Three photo shoots in Connecticut this weekend. My longest stretch away from the kids for work. It feels so good to be home.
Tuesday, October 16, 2012
Sometimes it feels there is no boundary between her skin and mine. Overlapping like water over sand. I felt it deep in today’s early morning wake-up, which shuffled my feet from our dark room to hers. Head plunged into her hair, damp pillow, like I never left my own bed. Thin difference. Sometimes none. Perhaps this is why parenting her can feel so hard. I feel my own faults, fears, hopes, power, right below the surface. Is it hers, or mine? She breathes in as I breathe out. Like the cord was never cut.
Tuesday, September 25, 2012
And sometimes you just get lucky because the kids are fighting and can’t play alone, and you happen to have made a pot of soup for dinner at 8am. So it was last night. Henry needed a push, and he tugged me out into the milky light. Sparrows ducked in and out of nests. Wet grass stuck to feet black from running. Fallen leaves. I pushed small backs higher and higher, slender stacks of bones against my palms. And breathed in fallen pears, half eaten by squirrels, fermenting the sweet air, while small legs pump, pump, pumped. I have to remember it is nice to be there when dusk falls.
Thursday, September 20, 2012
Long before Stella’s birth, her name came to her Mother, like a dagger – clear, unmistakable, true. I remember Lisa, barely pregnant, whispering into the phone she was 100% sure it was a girl. Didn’t need the ultrasound to know. This baby already had her arms curled in Lisa’s auburn hair and a foot in the world’s door. So she arrived, with a bang: old-lady soul, tireless agenda, flashing smile, great purpose, and the unmistakable stare of a baby on a mission. Stella seemed the type of baby you could put on the floor at three months and watch her get up and go. Never look back. Bowl you right over - forget about her size. For Stella is as sweet as they come, but has that true, deep intensity. Never ceasing to remind you every second of the day she is so much more than a baby. I think some babies find their way into this world -- aren’t simply born. Stella is one of them.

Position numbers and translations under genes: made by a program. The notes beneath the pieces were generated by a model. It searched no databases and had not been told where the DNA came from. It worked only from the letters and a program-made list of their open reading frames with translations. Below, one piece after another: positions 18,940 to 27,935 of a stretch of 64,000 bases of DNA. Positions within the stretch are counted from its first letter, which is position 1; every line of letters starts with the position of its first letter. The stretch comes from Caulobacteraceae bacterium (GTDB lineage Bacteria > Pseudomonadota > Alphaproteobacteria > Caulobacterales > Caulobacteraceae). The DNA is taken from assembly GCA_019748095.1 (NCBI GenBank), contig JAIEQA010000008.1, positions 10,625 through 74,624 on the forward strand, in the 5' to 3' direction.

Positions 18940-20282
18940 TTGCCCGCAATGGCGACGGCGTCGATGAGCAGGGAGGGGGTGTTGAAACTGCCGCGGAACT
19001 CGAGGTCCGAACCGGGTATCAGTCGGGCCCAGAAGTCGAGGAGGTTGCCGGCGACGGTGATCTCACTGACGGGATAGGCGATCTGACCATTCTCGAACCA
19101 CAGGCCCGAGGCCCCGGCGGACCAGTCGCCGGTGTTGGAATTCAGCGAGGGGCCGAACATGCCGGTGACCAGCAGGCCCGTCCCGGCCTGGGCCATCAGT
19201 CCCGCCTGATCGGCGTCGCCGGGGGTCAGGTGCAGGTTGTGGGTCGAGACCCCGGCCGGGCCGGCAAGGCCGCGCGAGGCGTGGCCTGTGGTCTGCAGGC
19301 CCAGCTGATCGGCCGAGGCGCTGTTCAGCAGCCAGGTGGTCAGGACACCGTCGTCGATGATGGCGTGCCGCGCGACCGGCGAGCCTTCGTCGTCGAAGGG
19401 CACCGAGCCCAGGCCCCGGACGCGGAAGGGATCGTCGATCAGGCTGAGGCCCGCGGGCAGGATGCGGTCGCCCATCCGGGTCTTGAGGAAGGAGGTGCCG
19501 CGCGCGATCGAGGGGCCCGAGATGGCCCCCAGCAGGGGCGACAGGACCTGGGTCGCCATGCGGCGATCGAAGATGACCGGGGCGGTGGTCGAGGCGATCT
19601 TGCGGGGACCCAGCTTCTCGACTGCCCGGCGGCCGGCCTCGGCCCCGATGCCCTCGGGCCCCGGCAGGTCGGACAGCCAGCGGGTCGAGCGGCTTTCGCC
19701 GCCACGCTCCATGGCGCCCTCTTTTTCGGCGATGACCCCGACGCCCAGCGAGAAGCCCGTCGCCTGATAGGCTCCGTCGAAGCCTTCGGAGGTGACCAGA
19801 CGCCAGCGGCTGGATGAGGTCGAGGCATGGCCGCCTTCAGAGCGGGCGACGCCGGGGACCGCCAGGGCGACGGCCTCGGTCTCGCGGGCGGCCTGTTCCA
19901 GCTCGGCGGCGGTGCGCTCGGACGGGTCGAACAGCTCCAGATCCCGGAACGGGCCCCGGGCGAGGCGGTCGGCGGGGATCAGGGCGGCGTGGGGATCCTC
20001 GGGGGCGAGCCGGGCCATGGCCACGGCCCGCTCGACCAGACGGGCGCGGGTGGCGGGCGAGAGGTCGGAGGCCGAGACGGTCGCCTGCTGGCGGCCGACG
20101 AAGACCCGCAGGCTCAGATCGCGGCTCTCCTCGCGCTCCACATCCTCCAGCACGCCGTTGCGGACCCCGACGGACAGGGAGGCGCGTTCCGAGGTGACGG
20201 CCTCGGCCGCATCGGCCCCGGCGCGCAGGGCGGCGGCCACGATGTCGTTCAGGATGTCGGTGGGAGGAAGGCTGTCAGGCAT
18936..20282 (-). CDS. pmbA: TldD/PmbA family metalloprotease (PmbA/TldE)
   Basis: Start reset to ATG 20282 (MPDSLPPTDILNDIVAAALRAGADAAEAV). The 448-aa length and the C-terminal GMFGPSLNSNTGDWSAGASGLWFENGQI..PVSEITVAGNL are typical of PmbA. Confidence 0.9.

Happy Birthday, sweet girl.
Monday, September 10, 2012
I was glad the rain came; it poured. Lightening flashed like teeth laughing at the sky, sending birds flap, flap, flapping. Their brown bodies liquid. Clouds boiled. Tiny petals shook. Early pears thumped the ground.
I needed the racket. It thatched away cobwebs, and stopped my bobbing. It made me take charge of this ruthless month of September. The month when it’s just so easy to want summer back. The month of drowning, surfacing, drowning, surfacing. The month when you blink, and it is 10pm. The month when it's painfully obvious your children are one year older. The month growing becomes tangible.
One week later, the rain is gone, and they are now one-year-bigger-kids, and I am a one-year-older-mom. I’ve spent a lot of the early September quiet deciphering between sadness over the start of school, or disappointment I am no longer the mom of a baby. Either way, both are realities we have to swallow when raising kids. I just wish they didn’t come so soon.
Sunday, July 29, 2012
Summer is over my head like a hood and I don’t want to come out. We’re so far into summer I can’t quite remember the softness of spring or regime of school, and just far enough from September it feels like it may never come. Puddles of pjs and cereal have pooled around the sofa alongside flip-flops, small bright socks, bathing suit bottoms. No one questions pink lemonade for breakfast, or watching too much TV. We sleep with sand in our beds, and eat peas until the vines are empty, feet still in the garden.
I’m trying to forget that summer ever ends and that Jane will start first grade, her first year full day. Or that Henry will go to school for the first time. I’m lapping it up. Staying deep in summer, lush with denial, flooded with flushed faces, bare bodies, beer. For now it’s summer. All day long.